It was at dinner on the second night of my Korean adventure to drive the 2009 Hyundai Genesis on behalf of Popular Mechanics when I finally decided to try kimchi. If you've never tried the stuff, you'd better have a stomach built like a steel-clad clay pot. I don't. But after spending a few hours running the first luxury sedan from the Korean automaker through its paces at their proving grounds outside of Seoul I figured it was the right time to finally introduce the uniquely Korean delicacy — a pungent, brine-fermented mixture of cabbage, garlic and chili pepper — to my delicate corn-fed Midwestern stomach. The moment the smell hit my nose I had flashbacks to laying on the floor of a wrestling mat in 6th grade with my coach cracking open smelling salts to rouse me. For a brief moment I thought that maybe this was a bad idea. But it was the moment it actually hit my mouth that I knew it was a bad idea. My eyes began to water, my mouth filled with fire and as I forced it down my throat I could already feel it burrowing its way toward my colon like a Northern soldier tunneling to Seoul. Later on that stomach-twisting night — spent alternately clutching the side of the hotel toilet bowl or my bed's sweat-soaked sheets — I had a lot of time to think about the day. Maybe it was some sort of as-yet-unknown hallucinogenic properties of the kimchi, or more likely it was the lack of sleep, but for whatever reason, I started to wonder what this fiery side dish as old as Korea could teach me about the 2009 Hyundai Genesis sedan.
The exterior of the Genesis is certainly handsome from afar, chrome bits and pieces glinting in the Korean summer sun against the deep red pepper-paste colored spaceship-like exterior of one of the two sedans we test-drove. The interior's quite plush, filled with NASA-level doodads like a hard disk-drive-based navigation system complete with voice recognition, gadgets like Bluetooth connectivity and doohickeys like a USB/iPod connector and the well-bred Lexicon Logic 7 audio system.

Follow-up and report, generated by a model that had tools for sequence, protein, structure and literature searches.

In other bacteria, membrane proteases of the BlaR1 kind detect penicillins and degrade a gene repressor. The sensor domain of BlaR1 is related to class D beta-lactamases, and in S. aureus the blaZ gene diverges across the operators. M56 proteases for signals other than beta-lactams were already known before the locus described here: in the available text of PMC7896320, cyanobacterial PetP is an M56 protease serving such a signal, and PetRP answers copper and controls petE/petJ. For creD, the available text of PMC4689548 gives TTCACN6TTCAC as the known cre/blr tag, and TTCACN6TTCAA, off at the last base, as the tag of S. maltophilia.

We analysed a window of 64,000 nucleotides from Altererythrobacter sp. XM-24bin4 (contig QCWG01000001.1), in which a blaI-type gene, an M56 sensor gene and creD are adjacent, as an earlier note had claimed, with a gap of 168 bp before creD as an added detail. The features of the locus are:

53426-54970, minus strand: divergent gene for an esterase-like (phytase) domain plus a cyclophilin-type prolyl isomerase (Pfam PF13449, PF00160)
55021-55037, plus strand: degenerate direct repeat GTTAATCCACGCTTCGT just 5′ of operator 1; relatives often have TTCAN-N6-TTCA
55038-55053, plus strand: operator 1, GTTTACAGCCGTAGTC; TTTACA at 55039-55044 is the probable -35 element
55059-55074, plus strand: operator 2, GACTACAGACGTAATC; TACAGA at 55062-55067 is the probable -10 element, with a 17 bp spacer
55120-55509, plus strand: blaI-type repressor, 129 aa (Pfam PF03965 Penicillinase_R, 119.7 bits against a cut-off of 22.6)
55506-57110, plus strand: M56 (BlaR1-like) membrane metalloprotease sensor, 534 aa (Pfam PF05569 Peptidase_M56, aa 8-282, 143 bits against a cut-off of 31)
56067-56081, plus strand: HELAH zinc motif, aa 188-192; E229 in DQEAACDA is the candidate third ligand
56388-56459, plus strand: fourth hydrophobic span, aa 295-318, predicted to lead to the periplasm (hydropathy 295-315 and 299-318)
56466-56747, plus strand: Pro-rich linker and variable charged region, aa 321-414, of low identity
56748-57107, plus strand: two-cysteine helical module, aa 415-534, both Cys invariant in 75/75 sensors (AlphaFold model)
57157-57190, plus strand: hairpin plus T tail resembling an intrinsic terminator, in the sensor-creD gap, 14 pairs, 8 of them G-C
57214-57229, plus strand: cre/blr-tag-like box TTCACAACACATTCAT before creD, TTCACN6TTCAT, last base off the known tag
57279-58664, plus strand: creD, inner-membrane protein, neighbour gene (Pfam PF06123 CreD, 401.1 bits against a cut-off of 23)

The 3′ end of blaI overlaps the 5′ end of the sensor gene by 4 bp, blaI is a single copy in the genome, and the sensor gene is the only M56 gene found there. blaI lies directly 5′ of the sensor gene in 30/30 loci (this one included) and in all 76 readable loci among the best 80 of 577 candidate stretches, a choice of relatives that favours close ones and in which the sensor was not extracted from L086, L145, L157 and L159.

It's not just the exterior and interior that're packed to the chromed-out gills. At a rocket-like 375 horses, the optional 4.6-liter Tau V8 packs the rails under the hood with the right figures for our taste, while the 290 HP standard 3.8-liter V6 ain't too shabby-sounding either. That's enough power to take the V6-powered Genesis up to a top speed of 130 MPH and the V8-powered sedan up to an Autobahn-like 155 MPH — and a 5.7 second 0-to-60 time. Gear shifts come by way of a more-than-capable ZF 6-speed automatic transmission mated to either engine selection. And did we mention the size? The Genesis is big — a wheelbase measuring 115.6 inches, a length measuring 195.9 inches and a width of 74.4 inches. Despite being bigger, longer and more uncut than many in this class, the Genesis still manages an astonishing 17.95 foot turning radius. And even with the beefy proportions, Hyundai expects the Genesis to eek out a commendable-for-the-class 18/27 MPG fuel economy rating with the 3.8-liter V6 and 17/25 MPG fuel economy rating with the 4.6-liter V8.
So on paper, the Genesis is certainly an attractive looking package, packed with all the goods you'd expect from other entry-level mid-size cars with alpha-numeric names like 550i, E550, CTS, GS 460 and TSX. But a true entry-level luxury sports sedan isn't built merely by ticking boxes on a list of options, there's more that's different between the Genesis and the rest of the segment than just naming convention.